An Egyptian scarab and five clay tablets with carvings of naked women depicting ancient fertility goddesses have been found in Rehob, a 3,500-year-old Israeli city. The artefacts are thought to have been used at home, as part of popular domestic domestic religious practice, mainly related to fertility of women. The ancient scarab, made of a mineral called steatite, contains a hieroglyphic inscription saying that it was created for a deceased man named'Amenemhat'. According to the translation, the mystery man Amenemhat was the'scribe of the house of the overseer of'sealed items'. These materials referred to in the title represent various products and raw materials dealt with by the administration, they wrote.
Archaeologists in Egypt said today that they had discovered dozens of cat mummies, a rare collection of mummified scarab beetles, as well as an apparently pristine Fifth Dynasty tomb they plan to open in the coming weeks. The mummified beetles - the first ever to be found in the area - were among artefacts found in seven tombs discovered over the past six months on the edge of the King Userkaf pyramid complex at the ancient necropolis of Saqqara, south of Cairo. The burial chambers also contained wooden statues depicting other animals and birds. As they were preparing the site to present the latest discoveries, archaeologists found the door of another tomb that remains sealed, said Mostafa Waziri, secretary-general of Egypt's Supreme Council of Antiquities. Archaeologists in Egypt said today that they have found dozens of mummified cats, a rare collection of mummified scarab beetles, as well as an apparently pristine Fifth Dynasty tomb they plan to open in the coming weeks.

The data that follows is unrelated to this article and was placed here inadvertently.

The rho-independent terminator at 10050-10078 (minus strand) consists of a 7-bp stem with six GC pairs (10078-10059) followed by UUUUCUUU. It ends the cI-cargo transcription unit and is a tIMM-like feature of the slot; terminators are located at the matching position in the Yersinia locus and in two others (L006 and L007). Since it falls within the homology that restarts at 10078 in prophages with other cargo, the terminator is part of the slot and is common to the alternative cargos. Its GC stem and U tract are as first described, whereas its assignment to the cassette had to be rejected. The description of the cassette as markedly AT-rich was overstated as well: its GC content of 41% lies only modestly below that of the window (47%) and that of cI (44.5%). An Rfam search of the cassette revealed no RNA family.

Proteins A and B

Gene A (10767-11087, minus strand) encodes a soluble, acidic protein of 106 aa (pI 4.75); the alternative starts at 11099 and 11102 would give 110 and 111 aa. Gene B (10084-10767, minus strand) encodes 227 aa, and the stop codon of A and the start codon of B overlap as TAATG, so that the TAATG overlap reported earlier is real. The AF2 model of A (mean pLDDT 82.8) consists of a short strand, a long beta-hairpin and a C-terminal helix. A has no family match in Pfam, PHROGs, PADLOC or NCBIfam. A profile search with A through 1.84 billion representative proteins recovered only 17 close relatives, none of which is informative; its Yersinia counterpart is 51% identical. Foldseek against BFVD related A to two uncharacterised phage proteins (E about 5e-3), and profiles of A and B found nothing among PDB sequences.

Archaeologists reveal mummified cats and scarab beetles found in recently discovered tombs near Cairo. Archaeologists in Egypt have discovered a collection of mummified cats and scarab beetles in a series of ancient tombs. The finds, dating back more than 4,000 years, were made at Saqqara, south of Cairo. The vast burial ground served the city of Memphis - ancient Egypt's capital for 2,000 years. Ancient Egyptians believed cats, and other animals, held a special position in the afterlife.
At an excavation of a pharaoh's 4,500-year-old pyramid complex, Egyptian archaeologists discovered dozens of mummified cats -- in addition to 100 ornate cat statues. Egyptian Minister of Antiquities Dr. Khaled El-Enany announced the ancient cat artifacts on Nov. 10, and the Ministry took to Twitter to share images of the long-deceased felines, wrapped in ribbons of cloth. Ancient Egyptians may not have worshiped their cats, but there's ample evidence that they viewed the small mammals as divine. Piles of mummified scarab beetles were also found in the tomb. The large beetles lay buried under the lid of heavy limestone sarcophagus for 4,500 years.